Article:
Living in New York certainly has its ups and downs. No, really. You have to go up and down a lot. Apartment buildings, office, subway, train station, airport. I bet I spend more time moving on a vertical plane than I do otherwise. Moving up and down this much in a city is facilitated largely by only one method: The Stairs. The escalator is not faster, nor is an elevator.
I know what you’re thinking “Andy you’re crazy…but so very, very attractive. What’s your phone number?” If only you were cool enough to have it, like Jazz. Anyway, my point is that the myriads of people that instantly flock to the mechanical means of strutting skyward make the process incredibly slow.
Hundreds of people can fit on any given train. Maybe 15 people can fit on an escalator. This translates into a lengthy line, sometimes as many as 50 people deep. Inevitably the process is complicated by the lack of an escalator “passing lane.” Typically the people on an escalator who don’t move at all stay to the right, while the left side is reserved for those who can’t wait to go to work and hate their job a little more, all the while stuffing their faces with donuts and downing gallons of $5 starbucks coffees. Unfortunately this system is always thwarted. Sure a couple people will get it right and the line will be moving well at first, then inevitably an overweight hispanic woman with 16 shopping bags will find her way into the fast lane. Usually she is utterly confused, nearly trips and falls once reaching the top, and then stops directly at the exit of the escalator.
Me? I take the damn stairs. When coming out of Penn Station (or any other escalator equipped area) I make it a point to head straight for the stairs, turn my head and look at the people on the escalator, and give them the finger as I make my way hurriedly up the steps. Sometimes people are offended but I just shrug and give them a look that says “hey pal, at least I’m not stuck on some damn escalator behind an old hispanic woman with shopping bags. This could be you.” Usually the person receiving this look stares at the ground and a single tear falls into the receding staircase.
At work, I am on the 9th floor. Alright, I’m not going to pretend to be some leggy super-hero, I take the elevator. I have this rule for myself – 6th floor or less: staircase, otherwise its the elevator. Our building has only 12 floors, so you’d think it wouldn’t be so bad. But it’s bad, I assure you. You see our elevators are incredibly slow. It takes literally 7 minutes for an elevator to show up on average after you push the button. That’s on AVERAGE. Which means sometimes it takes longer! The wait itself wouldn’t be so bad, but the problem arises when multiple people are using the elevator.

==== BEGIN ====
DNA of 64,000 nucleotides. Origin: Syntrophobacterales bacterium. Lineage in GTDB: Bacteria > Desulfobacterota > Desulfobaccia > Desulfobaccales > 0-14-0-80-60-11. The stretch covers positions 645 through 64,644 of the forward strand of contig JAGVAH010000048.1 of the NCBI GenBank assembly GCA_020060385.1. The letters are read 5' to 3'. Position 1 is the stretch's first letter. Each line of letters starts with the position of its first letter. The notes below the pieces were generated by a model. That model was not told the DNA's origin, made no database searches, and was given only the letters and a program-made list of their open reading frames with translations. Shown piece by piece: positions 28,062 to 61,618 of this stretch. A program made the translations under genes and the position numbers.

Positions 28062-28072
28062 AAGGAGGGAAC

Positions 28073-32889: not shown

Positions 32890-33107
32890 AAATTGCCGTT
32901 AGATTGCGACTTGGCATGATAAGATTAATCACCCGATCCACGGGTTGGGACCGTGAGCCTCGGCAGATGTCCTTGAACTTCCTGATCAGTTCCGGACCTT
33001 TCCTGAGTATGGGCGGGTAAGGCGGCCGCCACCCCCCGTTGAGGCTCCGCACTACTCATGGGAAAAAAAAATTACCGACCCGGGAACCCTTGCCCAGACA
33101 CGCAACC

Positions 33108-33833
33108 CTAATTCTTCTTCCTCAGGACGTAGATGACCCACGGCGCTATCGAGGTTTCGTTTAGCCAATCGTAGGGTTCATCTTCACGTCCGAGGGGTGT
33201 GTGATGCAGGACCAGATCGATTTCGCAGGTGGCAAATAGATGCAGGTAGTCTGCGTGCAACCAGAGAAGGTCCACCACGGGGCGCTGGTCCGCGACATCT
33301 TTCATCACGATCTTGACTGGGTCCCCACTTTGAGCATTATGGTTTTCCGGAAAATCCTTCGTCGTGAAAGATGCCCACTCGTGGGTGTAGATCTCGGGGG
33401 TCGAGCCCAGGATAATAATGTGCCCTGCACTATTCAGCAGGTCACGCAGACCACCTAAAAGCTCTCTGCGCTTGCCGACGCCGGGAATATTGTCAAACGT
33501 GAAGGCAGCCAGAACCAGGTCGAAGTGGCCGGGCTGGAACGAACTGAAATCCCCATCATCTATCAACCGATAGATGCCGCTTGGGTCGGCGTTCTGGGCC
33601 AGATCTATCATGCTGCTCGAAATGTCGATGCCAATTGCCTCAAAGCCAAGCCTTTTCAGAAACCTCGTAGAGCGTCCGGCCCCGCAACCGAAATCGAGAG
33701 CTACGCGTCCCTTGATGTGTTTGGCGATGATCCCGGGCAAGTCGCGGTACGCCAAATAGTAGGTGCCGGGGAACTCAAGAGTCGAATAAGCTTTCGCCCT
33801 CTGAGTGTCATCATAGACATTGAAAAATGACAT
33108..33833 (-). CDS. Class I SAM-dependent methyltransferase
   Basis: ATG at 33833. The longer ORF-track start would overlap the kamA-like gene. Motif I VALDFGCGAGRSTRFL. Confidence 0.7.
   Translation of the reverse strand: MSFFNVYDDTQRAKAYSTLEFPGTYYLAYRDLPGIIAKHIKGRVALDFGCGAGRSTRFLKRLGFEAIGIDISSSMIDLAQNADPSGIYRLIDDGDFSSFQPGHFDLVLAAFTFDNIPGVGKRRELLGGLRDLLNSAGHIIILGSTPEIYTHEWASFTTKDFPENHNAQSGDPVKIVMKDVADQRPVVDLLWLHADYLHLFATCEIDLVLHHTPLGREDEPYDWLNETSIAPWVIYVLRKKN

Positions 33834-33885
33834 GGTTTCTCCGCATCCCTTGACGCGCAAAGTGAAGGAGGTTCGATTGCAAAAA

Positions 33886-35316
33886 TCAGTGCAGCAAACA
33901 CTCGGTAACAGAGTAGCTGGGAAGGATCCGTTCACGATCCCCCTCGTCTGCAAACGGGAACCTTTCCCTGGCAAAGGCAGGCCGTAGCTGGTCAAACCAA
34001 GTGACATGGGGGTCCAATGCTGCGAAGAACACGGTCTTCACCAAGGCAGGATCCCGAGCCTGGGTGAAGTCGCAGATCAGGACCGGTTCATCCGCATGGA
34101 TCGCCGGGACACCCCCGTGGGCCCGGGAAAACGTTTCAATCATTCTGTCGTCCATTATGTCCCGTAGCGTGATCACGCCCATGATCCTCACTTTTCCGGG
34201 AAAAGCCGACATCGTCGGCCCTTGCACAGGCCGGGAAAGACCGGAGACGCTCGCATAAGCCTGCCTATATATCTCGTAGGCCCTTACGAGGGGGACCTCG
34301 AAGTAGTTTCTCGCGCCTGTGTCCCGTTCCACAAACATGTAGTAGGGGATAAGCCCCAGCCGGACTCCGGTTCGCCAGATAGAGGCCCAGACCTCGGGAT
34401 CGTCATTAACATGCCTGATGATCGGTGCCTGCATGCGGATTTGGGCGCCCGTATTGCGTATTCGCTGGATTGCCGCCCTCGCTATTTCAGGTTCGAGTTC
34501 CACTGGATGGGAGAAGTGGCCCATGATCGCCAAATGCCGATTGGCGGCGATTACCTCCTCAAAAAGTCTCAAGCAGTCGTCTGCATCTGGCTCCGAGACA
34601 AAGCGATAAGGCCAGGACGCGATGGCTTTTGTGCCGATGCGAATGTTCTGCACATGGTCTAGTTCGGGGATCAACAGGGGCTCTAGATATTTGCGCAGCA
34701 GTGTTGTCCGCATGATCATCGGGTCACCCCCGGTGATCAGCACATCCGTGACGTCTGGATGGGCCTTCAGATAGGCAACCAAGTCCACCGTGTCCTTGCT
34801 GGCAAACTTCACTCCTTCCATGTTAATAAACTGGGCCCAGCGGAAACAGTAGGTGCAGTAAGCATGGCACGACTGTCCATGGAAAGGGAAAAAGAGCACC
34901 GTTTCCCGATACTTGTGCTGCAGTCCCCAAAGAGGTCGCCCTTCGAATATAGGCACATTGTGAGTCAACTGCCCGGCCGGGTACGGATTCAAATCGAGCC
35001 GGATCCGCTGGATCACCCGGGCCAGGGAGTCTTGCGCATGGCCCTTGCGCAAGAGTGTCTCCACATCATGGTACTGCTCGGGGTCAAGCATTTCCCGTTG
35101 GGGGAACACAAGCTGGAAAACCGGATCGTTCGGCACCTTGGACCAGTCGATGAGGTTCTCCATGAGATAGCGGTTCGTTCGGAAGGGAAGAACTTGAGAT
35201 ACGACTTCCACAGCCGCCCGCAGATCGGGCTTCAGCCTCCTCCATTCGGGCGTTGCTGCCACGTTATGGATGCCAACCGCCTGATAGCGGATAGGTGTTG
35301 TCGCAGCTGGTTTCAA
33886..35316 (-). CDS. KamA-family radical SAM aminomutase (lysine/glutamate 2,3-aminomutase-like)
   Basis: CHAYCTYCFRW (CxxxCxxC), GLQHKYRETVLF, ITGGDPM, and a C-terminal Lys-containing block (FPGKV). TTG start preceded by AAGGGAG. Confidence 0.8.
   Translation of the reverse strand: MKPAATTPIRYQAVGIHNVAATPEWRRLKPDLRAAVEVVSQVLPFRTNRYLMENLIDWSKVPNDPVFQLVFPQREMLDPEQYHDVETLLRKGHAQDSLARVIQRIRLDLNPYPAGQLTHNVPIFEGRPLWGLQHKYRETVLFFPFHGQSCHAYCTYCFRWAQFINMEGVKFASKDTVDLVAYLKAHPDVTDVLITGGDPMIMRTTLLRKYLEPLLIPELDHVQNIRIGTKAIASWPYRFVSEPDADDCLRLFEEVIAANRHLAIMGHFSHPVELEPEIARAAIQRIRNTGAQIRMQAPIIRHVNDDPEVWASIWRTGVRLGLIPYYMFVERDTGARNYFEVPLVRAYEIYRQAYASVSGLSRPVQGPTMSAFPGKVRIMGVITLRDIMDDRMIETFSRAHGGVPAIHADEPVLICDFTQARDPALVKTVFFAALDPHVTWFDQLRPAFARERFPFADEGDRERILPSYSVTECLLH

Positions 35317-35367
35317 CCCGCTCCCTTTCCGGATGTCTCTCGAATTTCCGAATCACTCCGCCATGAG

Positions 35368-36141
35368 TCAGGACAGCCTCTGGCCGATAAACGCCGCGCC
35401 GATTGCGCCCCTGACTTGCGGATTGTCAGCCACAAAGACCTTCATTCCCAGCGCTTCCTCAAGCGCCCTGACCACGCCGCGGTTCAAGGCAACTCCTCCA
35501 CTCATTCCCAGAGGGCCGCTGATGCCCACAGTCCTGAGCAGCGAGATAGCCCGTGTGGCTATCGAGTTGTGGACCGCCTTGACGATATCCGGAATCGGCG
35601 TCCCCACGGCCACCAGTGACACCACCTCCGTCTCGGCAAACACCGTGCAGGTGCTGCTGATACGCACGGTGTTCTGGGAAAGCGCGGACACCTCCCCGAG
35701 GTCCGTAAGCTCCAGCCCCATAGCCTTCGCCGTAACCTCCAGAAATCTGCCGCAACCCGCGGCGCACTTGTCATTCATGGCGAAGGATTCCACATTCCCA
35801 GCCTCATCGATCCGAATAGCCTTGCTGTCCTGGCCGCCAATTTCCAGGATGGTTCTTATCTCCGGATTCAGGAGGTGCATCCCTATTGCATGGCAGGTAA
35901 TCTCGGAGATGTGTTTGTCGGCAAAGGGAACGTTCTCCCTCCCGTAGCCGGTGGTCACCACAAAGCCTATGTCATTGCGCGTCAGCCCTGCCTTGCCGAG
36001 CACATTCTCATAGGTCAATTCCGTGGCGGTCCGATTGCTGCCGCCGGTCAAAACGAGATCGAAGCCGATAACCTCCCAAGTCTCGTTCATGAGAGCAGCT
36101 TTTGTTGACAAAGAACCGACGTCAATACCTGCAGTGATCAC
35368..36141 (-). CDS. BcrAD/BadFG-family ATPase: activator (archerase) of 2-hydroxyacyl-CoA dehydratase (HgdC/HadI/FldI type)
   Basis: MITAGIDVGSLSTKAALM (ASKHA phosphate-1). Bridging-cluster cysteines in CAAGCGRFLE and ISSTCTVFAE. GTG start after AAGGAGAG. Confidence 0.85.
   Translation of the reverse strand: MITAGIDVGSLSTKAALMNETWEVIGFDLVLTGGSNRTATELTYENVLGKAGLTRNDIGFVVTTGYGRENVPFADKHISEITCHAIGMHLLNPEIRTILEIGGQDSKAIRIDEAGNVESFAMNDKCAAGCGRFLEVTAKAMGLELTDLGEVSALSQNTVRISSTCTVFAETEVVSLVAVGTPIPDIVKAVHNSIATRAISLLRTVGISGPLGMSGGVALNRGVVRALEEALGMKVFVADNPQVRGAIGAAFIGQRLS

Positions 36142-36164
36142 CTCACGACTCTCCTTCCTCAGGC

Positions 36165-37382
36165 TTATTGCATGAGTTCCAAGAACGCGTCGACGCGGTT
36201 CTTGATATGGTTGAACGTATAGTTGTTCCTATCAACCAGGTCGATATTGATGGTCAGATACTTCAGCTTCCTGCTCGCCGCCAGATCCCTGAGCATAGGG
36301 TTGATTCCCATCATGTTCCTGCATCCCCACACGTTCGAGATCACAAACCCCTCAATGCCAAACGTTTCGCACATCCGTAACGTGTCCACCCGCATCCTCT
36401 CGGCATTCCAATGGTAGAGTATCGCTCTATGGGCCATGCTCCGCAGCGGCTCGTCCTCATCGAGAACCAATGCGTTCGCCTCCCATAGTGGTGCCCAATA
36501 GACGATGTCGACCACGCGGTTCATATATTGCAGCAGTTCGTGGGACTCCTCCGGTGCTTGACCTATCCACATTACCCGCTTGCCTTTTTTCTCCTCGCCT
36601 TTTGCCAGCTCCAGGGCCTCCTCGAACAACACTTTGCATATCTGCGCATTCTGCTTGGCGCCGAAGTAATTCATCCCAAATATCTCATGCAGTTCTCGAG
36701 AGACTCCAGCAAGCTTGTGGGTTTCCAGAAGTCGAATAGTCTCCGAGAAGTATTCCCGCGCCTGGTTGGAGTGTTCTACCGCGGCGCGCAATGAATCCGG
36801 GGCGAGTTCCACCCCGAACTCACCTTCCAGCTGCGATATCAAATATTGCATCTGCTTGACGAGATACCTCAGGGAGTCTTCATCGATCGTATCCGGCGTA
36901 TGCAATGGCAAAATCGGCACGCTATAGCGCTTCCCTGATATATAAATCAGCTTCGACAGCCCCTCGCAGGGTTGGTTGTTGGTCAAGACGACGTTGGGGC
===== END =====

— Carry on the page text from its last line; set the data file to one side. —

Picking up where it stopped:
Usually I’m the first on the elevator, largely because of my broad shoulders and bad attitude towards others. As I stand there and wait for the cabin to fill up I like to watch all the lights below me that light up. 3, 4, a 2, maybe a 6. Then I observe the jerks cramming their digits against the buttons. They’re all fat, they all appear slow, and I’m willing to bet they can barely count to the number they just pushed. This infuriates me. Not only are they wasting my time, they have wasted their own by waiting for the elevator in the first place rather than walking up 2 flights of stairs, they’re not burning calories and therefore suffocating their hearts with the breakfast pastries they have no doubt consumed with high-calorie juices, and they smell. At this point, the following speech usually runs through my head:
“Concerned Citizens of Gotham! This is a plea! You, overweight sweaty man in puffy coat! You, obese old woman with oddly shaped legs! Hear my call! Yay though your knees don’t bend as they should and your breath be nothing but a whisp in your throat, take the stairs! Only two flights need you climb! It will be faster than taking the elevator, if not today, then certainly in a week’s time when you will be in shape enough to do it! Hamper me not with your petty button pushing and laziness! It will cost you your life! Now, onward! To the stairs!”
Perhaps the most ironic part about the whole situation is that most of the people getting off on the 3rd floor are going for physical therapy. I could certainly understand if the problem was obvious (a broken leg or the like), but I’m guessing for most of them its just because they’re old* and portly.
*this denotes anyone over the age of 35, which I don’t really consider old, but I think its because they consider themselves old.